Kamas, Utah

Kamas, Utah
Welcome to Kamas sign on SR-248, Apr 16.jpg
Location in Summit County and the state of Utah
Location in Summit County and the state of Utah
Coordinates: 40°38′32″N 111°16′39″W / 40°38′32″N 111°16′39″W / 40.64222; -111.27750
CountryUnited States
Named forCamassia quamash
 • Total1.6 sq mi (4 km2)
 • Land1.6 sq mi (4 km2)
 • Water0.0 sq mi (0 km2)
Elevation6,486 ft (1,977 m)
Population (2012)
 • Total1,899
 • Density796.3/sq mi (307.5/km2)
Time zoneMountain (MST) (UTC-7)
 • Summer (DST)MDT (UTC-6)
ZIP code84036
Area code(s)435
FIPS code49-39810[1]
GNIS feature ID1442266[2]

Kamas (s/ KAM-əs) is a city in southwestern Summit County, Utah, United States. It is part of the Salt Lake City, Utah Metropolitan Statistical Area. The population was 1,274 at the 2000 census.

The main industries are cattle ranching and lumber. The town is known to outsiders as "The Gateway to the Uintas" and is located 42 miles (68 km) east of downtown Salt Lake City.[3] Fishing, camping, hiking, mountain climbing and other outdoor recreational activities are popular among locals. Kamas is the closest city to the Camp Steiner Boy Scout camp.


South Summit Fire District Kamas Station in , Kamas, Utah, April 16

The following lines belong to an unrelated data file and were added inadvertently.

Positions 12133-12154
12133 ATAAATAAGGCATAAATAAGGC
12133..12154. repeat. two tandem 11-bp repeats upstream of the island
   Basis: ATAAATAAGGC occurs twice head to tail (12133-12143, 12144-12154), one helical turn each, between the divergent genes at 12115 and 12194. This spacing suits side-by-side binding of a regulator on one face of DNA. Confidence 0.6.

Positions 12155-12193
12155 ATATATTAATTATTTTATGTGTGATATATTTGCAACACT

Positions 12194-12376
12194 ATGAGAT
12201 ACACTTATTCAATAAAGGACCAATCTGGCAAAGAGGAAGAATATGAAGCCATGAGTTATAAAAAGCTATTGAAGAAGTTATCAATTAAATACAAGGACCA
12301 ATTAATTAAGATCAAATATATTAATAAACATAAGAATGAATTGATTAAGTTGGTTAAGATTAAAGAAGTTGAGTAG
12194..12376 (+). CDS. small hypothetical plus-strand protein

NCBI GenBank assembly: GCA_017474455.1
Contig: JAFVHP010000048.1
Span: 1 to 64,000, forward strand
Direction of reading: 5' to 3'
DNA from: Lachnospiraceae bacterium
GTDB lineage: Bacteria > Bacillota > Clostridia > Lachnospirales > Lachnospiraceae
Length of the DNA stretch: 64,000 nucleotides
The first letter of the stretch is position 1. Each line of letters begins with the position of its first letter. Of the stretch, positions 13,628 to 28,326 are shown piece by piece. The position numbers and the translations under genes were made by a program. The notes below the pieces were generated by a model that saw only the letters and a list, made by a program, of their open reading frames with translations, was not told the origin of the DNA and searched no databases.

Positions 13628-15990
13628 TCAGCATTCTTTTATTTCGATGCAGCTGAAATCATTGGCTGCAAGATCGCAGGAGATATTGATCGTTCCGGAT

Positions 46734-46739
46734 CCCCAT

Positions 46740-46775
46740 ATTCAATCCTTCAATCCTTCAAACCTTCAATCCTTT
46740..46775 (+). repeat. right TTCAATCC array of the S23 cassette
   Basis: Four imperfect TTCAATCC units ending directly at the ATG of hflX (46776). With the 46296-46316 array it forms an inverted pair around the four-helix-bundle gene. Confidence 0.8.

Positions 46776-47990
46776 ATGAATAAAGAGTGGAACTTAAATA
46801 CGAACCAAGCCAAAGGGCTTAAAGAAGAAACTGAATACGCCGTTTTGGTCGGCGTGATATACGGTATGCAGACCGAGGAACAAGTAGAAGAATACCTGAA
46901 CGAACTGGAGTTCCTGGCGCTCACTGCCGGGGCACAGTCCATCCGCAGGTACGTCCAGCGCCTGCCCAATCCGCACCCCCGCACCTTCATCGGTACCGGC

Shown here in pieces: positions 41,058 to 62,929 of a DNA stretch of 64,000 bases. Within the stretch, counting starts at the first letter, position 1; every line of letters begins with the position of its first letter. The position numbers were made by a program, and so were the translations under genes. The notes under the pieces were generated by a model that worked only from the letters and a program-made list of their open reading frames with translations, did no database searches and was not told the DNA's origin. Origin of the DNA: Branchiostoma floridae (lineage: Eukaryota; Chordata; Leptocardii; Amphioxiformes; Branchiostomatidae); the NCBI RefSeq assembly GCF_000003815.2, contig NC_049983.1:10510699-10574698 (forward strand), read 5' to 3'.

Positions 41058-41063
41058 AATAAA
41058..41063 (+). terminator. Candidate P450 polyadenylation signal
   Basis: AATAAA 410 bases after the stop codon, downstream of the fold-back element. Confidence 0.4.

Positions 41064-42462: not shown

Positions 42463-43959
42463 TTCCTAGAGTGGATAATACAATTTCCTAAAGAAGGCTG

Kamas derives its name from Camassia quamash, a source of food for Native Americans.[4]

Kamas was inhabited intermittently by several Native American ethnic groups, including members of the Ute, Shoshone, and Snake tribes. The first permanent settlements in the valley are believed to have been built by Mormon pioneers including Abraham Marchant, John Lambert, and John Pack who settled under the direction of Brigham Young.

One prominent figure in Kamas folklore history is Thomas Rhoads. According to legend, Indian guides from an area Ute Tribe revealed to Rhoads the location of a gold mine from which he was allowed to take gold to assist in the construction of the Salt Lake Temple. The only condition the Ute guides gave for revealing the location of this mine was that Rhoads agreed not to reveal the location of the mine to any other person. Rhoads adhered to the terms of this agreement until his eventual death from an illness. The "Rhoads Mine" is now considered lost, but its legend survives in several books which have been published on the topic.[5]

Other Languages
العربية: كاماس
Bân-lâm-gú: Kamas (Utah)
български: Камас (Юта)
català: Kamas
čeština: Kamas
español: Kamas (Utah)
français: Kamas (Utah)
italiano: Kamas
Kreyòl ayisyen: Kamas, Utah
Malagasy: Kamas, Utah
Nederlands: Kamas
oʻzbekcha/ўзбекча: Kamas (Utah)
polski: Kamas
português: Kamas
српски / srpski: Камас (Јута)
srpskohrvatski / српскохрватски: Kamas, Utah
Türkçe: Kamas, Utah
Volapük: Kamas